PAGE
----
In lieu of an abstract, here is a brief excerpt of the content:

xb, Poems and Patients: The Balance of Interpretation James S. Terry and Edward L. Gogel There are two frequent justifications given for pursuing die study of literature and medicine. One is an appeal to die development of skills: the improvement of language arts; the cultivation of tolerance for die ambiguity of words and signs; the fleshing out of stories from fragments; and other talents that can claim usefulness in both literary and medical work.1 This appeal is sometimes made obliquely by pointing at physician-writers who, it is alleged, must be using the same intellectual tools in both halves of their lives. A second appeal concerns emotional and ediical development : die cultivation of empadiy for the suffering; die puzzling over seemingly incommensurable values placed on human lives; die coming to terms with human frailty, failure, and mortality; and a general faidi in die broadening and enriching capabilities of literature for medicine and, more rarely, vice versa.2 In this paper we reexamine primarily die first of diese two clusters of themes and ideas, from the perspectives of poetry and diagnosis. The comparison of diagnosis to the explication and appreciation of poetry may at first seem odd, because diagnosis is central to the work of medicine, while poetry is one of the less frequently read forms of literature and is largely underutilized even in the field of literature and medicine.3 It would be disingenuous at the outset to ignore die obvious differences between analyzing a poem and diagnosing a patient. Opening die imagination to die nuanced language and oblique meanings of poetry is quite unlike mastering die technical language and probabilistic logic of scientific medicine. Moreover, physicians strive for a much stronger sense of certainty in diagnosis dian diey would require in their reading of a poem, and probably take comfort in laboratory confirmations for that reason. Another crucial difference from the clinical point of view is diat more may depend upon accurate diagnosis than upon accurate reading. The physician engages in diagnosis for die chance to make a difference, to help, to Literature and Medicine 6 (1987) 43-53 © 1987 by The Johns Hopkins University Press 44 POEMS AND PATIENTS ameliorate or cure the suffering of the fellow human before him or her, widi an implicit urgency that does not ordinarily exist in the reading of poetry. The encounter between physician and patient takes place face-toface , in what clinical shorthand refers to as "real time" —mat is, with others waiting, with pain or discomfort insistently present, surrounded by odier pressures of die hospital or office work place. Poems can be read, pondered, put aside, re-read, and so on. Even those that carry a high emotional charge may be more distanced as presences, as bodies, than human beings demanding interpretation. These differences notwithstanding, there remains much diat is analogous widiin these two branches of human study. To start the analogy, there is the problem of the part versus the whole. With a given poem, we want to end up with as complete an understanding of its meaning as possible, but the search for that understanding must start with particulars. We seldom begin by asking outright what the meaning of a poem is, though it is the question we hope to keep constantly in the backs of our minds. Instead, as soon as we finish reading a poem, we have narrowed down its possible meanings considerably and have begun to revise the hunches formed during our initial reading, strengthening some and discarding others by breaking the poem down into constituent parts of varying sizes on which to perform additional analyses. A patient would be treated much the same way. After only a few minutes of an initial interview, a diagnostic hunch is usually formed. One study found that clinicians had a working hypothesis within twenty-eight seconds of learning the chief complaint.4 Then begins the business of testing the hypothesis —additional questioning, physical examination, laboratory work-up, and so forth. Ideally, the whole thing is not lost in either the literary or the medical movement from the whole to the parts. This tension between the meaning of the whole and the analysis of the parts is what...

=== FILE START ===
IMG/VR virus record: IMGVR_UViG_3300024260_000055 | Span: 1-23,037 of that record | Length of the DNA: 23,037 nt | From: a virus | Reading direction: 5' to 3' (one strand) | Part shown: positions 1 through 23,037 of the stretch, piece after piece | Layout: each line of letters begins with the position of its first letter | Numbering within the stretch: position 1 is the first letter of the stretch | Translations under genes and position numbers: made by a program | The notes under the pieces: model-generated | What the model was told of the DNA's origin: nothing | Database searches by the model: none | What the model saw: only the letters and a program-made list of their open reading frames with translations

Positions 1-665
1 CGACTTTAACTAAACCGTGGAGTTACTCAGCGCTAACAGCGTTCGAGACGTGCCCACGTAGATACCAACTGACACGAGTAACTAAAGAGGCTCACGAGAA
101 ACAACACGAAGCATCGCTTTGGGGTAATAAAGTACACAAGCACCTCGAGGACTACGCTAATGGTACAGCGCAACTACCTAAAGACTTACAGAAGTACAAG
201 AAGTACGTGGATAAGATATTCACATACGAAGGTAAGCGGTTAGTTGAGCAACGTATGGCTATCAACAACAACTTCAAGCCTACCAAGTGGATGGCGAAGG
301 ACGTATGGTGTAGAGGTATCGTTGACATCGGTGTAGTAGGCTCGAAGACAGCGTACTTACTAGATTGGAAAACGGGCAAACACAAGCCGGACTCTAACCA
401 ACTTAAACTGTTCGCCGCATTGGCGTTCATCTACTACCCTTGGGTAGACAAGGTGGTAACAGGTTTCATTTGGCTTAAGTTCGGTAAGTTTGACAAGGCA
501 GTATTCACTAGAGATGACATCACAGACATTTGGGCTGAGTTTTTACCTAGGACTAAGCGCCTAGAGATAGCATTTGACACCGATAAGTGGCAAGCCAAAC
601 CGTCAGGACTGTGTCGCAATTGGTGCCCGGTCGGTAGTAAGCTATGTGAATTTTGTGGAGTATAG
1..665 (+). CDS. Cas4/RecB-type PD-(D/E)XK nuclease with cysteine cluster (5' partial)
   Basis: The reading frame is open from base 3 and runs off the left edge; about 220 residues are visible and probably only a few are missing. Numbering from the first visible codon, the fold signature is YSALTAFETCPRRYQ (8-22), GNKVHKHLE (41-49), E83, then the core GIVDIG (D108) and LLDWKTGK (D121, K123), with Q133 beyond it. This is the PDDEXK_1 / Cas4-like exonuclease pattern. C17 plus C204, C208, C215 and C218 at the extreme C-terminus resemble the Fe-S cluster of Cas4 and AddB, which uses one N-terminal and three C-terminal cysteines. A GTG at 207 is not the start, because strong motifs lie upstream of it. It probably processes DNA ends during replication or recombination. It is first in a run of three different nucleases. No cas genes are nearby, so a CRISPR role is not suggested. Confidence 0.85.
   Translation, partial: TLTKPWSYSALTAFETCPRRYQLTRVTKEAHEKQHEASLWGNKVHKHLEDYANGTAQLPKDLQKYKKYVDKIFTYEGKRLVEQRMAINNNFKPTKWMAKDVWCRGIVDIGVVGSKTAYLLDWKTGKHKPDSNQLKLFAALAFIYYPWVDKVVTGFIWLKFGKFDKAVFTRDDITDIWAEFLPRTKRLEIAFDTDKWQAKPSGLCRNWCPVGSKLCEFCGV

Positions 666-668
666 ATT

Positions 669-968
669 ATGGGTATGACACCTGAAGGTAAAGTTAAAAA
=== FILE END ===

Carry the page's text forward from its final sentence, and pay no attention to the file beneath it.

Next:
Additional Information

Print ISSN
pp. 43-53
Launched on MUSE
Open Access
Back To Top

This website uses cookies to ensure you get the best experience on our website. Without cookies your experience may not be seamless.